Pastoral Suitepoems by John Muro

picture of John Muro

The new poems in John Muro’s Pastoral Suite are wide-ranging and dynamic in their vivid portrayals of the natural world from ocean to garden and in their focus on many of life’s joys and sorrows. His poems are now recognized for their eloquence, lush imagery and craftmanship, often in pursuit of the elusive beauty and mystery of the natural world. His work has been widely praised. Kelli Russell Agodon writes, “The poems in John Muro’s second volume of poetry, Pastoral Suite, are rich in time and landscape. In a news cycle of too much, Muro’s poems ground us in the moment. These are poems that welcome those in-between hours when we turn off the voices of radios and reconnect with a few solitary clouds. A master of suspended time, Muro removes us from a busy world and leads us into an abundant life thick with details of wind-shorn nests of lichen and leaves that hung like paper/lanterns or flecks of gold disgorged downstream over moss-softened stone. Pastoral Suite is a beautiful meditation that locates the sacred in the natural world and in the present, creating a splendor that reminds us how nature heals and how poetry can take us from a place of chaos into words of calm. This is wonderful work."

Since the publication of the author’s first volume of poems, In the Lilac Hour, in the fall of 2020, Muro has received tthree nominations for the Pushcart Prize. Also, since that time, his poetry has appeared in dozens of literary journals and anthologies, including such highly selective journals as Barnstorm, the Delmarva Review, Grey Sparrow, MORIA, pacificReview, River Heron, Sheepshead, Sky Island, and the Valparaiso Review. In 2021, John was also profiled and selected as a 2021 “featured writer” in the Freshwater Literary Journal, and as a 2022 “featured author” in OpenDoor Magazine. He has also participated in readings for various literary journals, including Agapanthus, Barnstorm, Blue Muse, Freshwater, MockingOwl Roost, Sheepshead and Writer Shed Stories.
  pastoral suite cover image
  Painting by Babette Barton.

John Muro is a graduate of Trinity College, Wesleyan University and the University of Connecticut. His professional career has been dedicated to conservation and environmental stewardship, and he has held several volunteer and executive positions in those areas. A lover of art, music, literature, and all things chocolate, John currently resides in Guilford on the Connecticut shoreline with his wife, Debra Ann. You can contact John at or via Instagram @johntmuro.

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ISBN 979-8-9855621-1-8
First edition, 2022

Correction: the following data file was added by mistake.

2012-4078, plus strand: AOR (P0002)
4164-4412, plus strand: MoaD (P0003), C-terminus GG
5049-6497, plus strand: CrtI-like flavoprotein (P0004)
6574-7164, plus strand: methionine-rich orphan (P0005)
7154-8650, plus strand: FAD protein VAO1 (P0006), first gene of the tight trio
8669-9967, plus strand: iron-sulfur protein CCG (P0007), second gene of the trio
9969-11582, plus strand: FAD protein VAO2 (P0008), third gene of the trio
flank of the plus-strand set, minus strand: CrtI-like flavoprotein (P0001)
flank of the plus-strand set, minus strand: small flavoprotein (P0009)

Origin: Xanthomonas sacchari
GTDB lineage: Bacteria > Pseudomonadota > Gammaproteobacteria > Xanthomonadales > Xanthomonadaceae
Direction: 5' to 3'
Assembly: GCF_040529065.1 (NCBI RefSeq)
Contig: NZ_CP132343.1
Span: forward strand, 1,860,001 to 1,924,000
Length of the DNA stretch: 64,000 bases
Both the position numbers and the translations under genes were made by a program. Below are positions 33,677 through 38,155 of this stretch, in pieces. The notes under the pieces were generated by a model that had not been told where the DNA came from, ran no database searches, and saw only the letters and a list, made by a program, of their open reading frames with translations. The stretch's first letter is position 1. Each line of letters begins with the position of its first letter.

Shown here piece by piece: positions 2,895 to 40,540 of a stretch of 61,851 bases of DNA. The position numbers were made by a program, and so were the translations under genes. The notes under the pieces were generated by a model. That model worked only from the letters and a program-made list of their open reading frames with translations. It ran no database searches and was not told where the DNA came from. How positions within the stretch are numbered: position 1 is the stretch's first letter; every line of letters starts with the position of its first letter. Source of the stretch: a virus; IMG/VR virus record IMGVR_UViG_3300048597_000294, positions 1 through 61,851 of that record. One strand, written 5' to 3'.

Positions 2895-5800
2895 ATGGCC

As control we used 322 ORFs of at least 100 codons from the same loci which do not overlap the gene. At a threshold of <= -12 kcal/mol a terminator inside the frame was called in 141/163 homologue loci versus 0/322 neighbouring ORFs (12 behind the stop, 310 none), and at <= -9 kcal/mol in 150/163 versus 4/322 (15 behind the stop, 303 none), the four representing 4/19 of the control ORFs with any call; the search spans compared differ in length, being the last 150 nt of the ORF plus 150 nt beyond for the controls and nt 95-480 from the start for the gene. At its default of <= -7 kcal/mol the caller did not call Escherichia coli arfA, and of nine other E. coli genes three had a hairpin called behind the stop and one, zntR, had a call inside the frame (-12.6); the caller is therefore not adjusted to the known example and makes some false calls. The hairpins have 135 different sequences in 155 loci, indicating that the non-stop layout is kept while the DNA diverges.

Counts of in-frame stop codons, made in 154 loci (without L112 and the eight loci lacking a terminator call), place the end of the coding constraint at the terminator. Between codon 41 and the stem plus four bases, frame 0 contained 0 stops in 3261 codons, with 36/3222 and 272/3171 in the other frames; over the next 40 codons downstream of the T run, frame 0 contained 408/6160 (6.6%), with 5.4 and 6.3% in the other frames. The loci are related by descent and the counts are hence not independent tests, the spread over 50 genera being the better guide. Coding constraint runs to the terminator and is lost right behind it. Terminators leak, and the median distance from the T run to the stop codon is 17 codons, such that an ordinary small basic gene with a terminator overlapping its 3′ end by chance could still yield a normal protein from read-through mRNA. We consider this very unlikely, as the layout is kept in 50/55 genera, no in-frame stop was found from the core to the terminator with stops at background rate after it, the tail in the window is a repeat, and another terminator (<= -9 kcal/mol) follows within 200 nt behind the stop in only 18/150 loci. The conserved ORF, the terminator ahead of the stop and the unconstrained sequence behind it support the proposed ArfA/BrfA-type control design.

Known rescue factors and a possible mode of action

176 pages

Copies of this book can be ordered
from all bookstores including Amazon.

The author can be reached at
or via Instagram @johntmuro.


Copyright © 2022 by John Muro



I wake to sleep, and take my waking slow.   – Roethke


Early Sunday morning ambling in awe beneath
the dense canopies of trees, their scarlet
satchels slung across the rounded shoulders
of boughs and dangling like the languid arms
of neighbors still loafing abed. Now a starless
silence gives way to the hiss of sprinklers popping
up their tiny, saw-toothed heads, dispensing looping
sprays of water like a benediction; the rhythmic
repetition of plumes in precise industry splintering
into prisms of light, a carousel of mists and arcing
streams as the metallic rustle slows and abandons ear,
giving way to the sweet happenstance of birdsong,
the brittle scuttling of fallen leaves and slack channels
of blue unspooling among mottled river stones of cloud.


La Passeggiata


Daylight drawing down
and a meager light lingers
enticing the curious
out into a confluence
of sun and shadow –
older men inclined
to reverie humming
to themselves and
women moving from
behind the solitude
of windows licked
by early evening sun
to take in the recurring
dream that forms near
dusk when summer air
cools and bestows a
blessing to each sense:
the sputtering gurgle
of fountains; the scent
of cypress, cedar and
thyme; the faint song
of a wingless thrush;
and the late spooling
of clouds slowly
giving way to the
purpling of air and
bronze rivets of stars
boarding up the sky.



In March


It is the pause that comes between
the seasons breathing in and out,
hillsides neither white nor green:
a landscape that’s note-
worthy for its rampant emptiness.

Clouds of coal-dust in gritty sheen 
curl tight as wood-knots;
the deeper silence of leafless trees
with baffled boughs 
beneath a sky forever bleak and sunless.

The damp fragrance of fields, thinned
by frost. Caught in the throat
of a small bird – a winter wren
perhaps – an expiring note
that drifts to whisper or something less.

Holding out for the sequin-
bright air, moon-burst fraught,

when life wells up from these rutted fields and trees
in hungry thrust, turning from what is now
but a world of damp and dreary idleness.


Awaiting Autumn


Even on the best of days, I confess
to a want to hurry summer towards
its end, and welcome the lessening
of sun and indolent mornings that
open into the luminous down of blue
afternoons, and take in the descent
of bereaving mists that drift over
hills of hard-woods thru gaunt groves
of birch and fern, then hauntingly
linger within a split-rail expanse
of pasture, and what little is left of
leaves hang like bandages clotted
by the dried blood of autumn.
But that season of grief and going
remains a life-time distant, tucked
beneath the crawl-spaces of these
encrusted cottages that are slowly
sinking into the strand, or loosely
cradled somewhere beyond the fetid
plunder of salt-marsh framed by the
sash of a double-hung window,
cracked glass adorned with chapped
paint and spittle, leaning away from